Vertigo is the sensation that the environment is spinning around relative to oneself (objective vertigo) or vice versa (subjective vertigo). The term is sometimes used erroneously to mean any form of dizziness. True vertigo is described as a rotary sensation of the patient or surroundings, and is often of vestibular origin. Vertigo may result from diseases of the inner ear or disturbances of the vestibular centers or pathways in the central nervous system (e.g., Meniere disease, arteriosclerosis of cerebral vessels, brain lesion, head injury, motion sickness, or large and rapid variations in barometric pressure). Depending on the underlying cause/condition, it may be associated with nausea and vomiting, or accompanied by other symptoms and signs (e.g., headaches and visual symptoms). Most causes of vertigo are peripheral and non-life-threatening. However, those few central causes (vascular and neoplastic) are emergencies that should not be overlooked.
Can be categorized into 4 subgroups: vertigo, presyncope, disequilibrium, and lightheadedness (or nonspecific dizziness). The most common causes of dizziness in primary care settings are benign paroxysmal positional vertigo (vertigo caused by the presence of a canalith in the vestibular apparatus), Meniere disease, and acute vestibular neuronitis. These all present with vertigo symptoms.
A peripheral vestibular disorder characterized by sudden-onset, severe attacks of vertigo usually lasting <30 seconds and precipitated by specific head movements (e.g., looking up or bending down, getting up, turning the head, or rolling over to one side in bed). Diagnosis is clinical with key diagnostic factors including episodic vertigo (repeated attacks over days, weeks, or months), absence of associated symptoms, normal neurologic exam, positive Dix-Hallpike maneuver (posterior canal BPPV) or supine lateral head turn (lateral canal BPPV), and normal otologic exam.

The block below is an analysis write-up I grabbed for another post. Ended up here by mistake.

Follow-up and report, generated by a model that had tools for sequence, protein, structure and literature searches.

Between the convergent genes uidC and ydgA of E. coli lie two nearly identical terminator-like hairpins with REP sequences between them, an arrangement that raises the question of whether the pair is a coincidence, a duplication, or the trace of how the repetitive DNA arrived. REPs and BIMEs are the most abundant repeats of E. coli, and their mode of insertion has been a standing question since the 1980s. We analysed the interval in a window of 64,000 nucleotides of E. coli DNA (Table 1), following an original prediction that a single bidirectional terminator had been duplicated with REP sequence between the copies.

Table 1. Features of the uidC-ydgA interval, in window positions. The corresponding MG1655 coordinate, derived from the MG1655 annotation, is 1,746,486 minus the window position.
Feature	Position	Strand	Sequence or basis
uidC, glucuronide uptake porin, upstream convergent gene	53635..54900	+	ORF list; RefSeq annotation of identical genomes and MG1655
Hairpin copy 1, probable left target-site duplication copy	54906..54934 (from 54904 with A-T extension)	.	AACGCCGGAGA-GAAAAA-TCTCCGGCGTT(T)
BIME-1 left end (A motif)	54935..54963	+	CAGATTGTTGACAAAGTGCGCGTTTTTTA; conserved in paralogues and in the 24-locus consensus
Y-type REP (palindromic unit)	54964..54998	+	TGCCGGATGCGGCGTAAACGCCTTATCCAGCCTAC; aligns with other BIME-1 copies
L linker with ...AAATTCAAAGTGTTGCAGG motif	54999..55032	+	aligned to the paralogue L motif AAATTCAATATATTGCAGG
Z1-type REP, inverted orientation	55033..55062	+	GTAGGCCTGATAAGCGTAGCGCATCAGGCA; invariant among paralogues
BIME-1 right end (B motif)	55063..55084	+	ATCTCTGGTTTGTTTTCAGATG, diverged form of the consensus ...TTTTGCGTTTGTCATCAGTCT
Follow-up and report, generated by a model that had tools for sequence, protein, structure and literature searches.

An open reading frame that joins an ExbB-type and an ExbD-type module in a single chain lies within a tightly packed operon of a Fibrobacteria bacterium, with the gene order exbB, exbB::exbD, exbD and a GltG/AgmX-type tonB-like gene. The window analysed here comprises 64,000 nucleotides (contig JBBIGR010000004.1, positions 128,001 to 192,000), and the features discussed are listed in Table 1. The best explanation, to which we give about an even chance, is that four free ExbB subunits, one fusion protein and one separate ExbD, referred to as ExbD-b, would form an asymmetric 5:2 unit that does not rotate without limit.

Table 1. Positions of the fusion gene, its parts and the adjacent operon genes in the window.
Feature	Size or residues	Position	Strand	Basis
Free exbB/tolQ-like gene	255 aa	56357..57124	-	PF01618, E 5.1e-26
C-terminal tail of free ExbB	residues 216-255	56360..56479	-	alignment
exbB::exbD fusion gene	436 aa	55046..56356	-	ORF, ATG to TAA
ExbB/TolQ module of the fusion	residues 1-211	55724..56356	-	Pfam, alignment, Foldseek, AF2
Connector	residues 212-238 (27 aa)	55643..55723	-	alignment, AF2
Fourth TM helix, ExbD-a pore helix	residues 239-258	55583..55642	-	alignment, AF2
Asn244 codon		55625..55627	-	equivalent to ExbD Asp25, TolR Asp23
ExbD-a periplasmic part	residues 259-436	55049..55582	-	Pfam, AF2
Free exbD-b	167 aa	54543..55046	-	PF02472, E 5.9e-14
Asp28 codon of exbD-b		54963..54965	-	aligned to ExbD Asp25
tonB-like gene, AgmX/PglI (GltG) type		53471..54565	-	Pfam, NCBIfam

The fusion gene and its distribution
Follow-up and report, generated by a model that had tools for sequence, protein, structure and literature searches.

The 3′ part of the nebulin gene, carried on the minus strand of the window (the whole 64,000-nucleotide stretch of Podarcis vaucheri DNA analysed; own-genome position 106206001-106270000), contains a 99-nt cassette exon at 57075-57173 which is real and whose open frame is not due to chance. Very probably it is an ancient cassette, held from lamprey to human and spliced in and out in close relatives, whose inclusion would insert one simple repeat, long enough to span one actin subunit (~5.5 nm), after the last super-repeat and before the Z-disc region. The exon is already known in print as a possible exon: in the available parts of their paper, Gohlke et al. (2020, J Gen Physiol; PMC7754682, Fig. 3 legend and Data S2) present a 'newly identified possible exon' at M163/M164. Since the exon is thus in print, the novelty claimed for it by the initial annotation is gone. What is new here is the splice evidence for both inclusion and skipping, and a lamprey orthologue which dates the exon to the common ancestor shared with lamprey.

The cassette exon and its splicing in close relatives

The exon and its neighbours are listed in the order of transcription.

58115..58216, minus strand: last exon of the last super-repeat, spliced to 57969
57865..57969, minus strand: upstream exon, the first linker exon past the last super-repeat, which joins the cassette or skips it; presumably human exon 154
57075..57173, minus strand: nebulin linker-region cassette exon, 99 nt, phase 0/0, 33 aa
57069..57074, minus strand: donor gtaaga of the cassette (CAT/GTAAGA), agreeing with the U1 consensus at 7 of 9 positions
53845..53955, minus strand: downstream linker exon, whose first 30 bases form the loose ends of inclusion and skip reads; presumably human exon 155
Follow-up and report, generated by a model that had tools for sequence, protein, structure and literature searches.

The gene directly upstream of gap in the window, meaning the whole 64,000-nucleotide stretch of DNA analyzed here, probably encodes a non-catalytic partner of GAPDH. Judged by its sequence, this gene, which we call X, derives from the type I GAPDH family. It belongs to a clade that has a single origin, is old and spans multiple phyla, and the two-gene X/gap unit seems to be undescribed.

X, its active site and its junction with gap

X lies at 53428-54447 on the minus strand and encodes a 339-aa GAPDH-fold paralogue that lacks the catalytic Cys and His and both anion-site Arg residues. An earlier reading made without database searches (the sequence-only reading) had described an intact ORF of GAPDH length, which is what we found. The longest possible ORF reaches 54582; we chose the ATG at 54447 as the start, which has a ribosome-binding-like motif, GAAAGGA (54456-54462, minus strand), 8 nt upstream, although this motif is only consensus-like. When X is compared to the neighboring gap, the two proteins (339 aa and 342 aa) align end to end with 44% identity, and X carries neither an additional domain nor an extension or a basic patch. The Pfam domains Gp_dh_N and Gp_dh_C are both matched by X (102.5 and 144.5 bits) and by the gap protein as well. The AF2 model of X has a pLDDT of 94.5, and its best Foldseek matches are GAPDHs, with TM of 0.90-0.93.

Auditory disease characterized by an episodic, sudden onset of vertigo; hearing loss and roaring tinnitus; and a sensation of pressure or discomfort in the affected ear. Vertigo lasts minutes to hours and may be associated with nausea and vomiting. Risk factors for MD include increased age (>40 years), family history, recent viral illness, and autoimmune disorders. In patients with MD and no systemic cause, a combination of a low-salt diet and diuretics (to reduce endolymph) is thought to control vertigo in over 80% of patients. Vestibular and balance rehabilitation therapy is recommended for patients who have problems with balance. Use of the Meniett device 3 times a day to deliver intermittent pressure pulses through the ear canal may significantly reduce vertigo frequency. Intratympanic administration of corticosteroids or gentamicin is also effective.
An inflammatory condition, which affects the labyrinth in the cochlea and vestibular system of the inner ear. Viral labyrinthitis is typically associated with a preceding upper respiratory tract infection. Other etiologic viral agents include varicella zoster virus, cytomegalovirus, mumps, measles, rubella, and HIV. Bacterial labyrinthitis is associated with acute or chronic otitis media, meningitis, and cholesteatoma. Labyrinthitis may also manifest in certain autoimmune conditions (e.g., Cogan syndrome or Behcet disease). Symptoms include varying degrees of hearing loss, vertigo, and disequilibrium (problems with balance), and there may be associated tinnitus. Most acute episodes are short-lived and self-limited, and treatment is symptomatic and primarily involves the use of vestibular suppressants and antiemetics.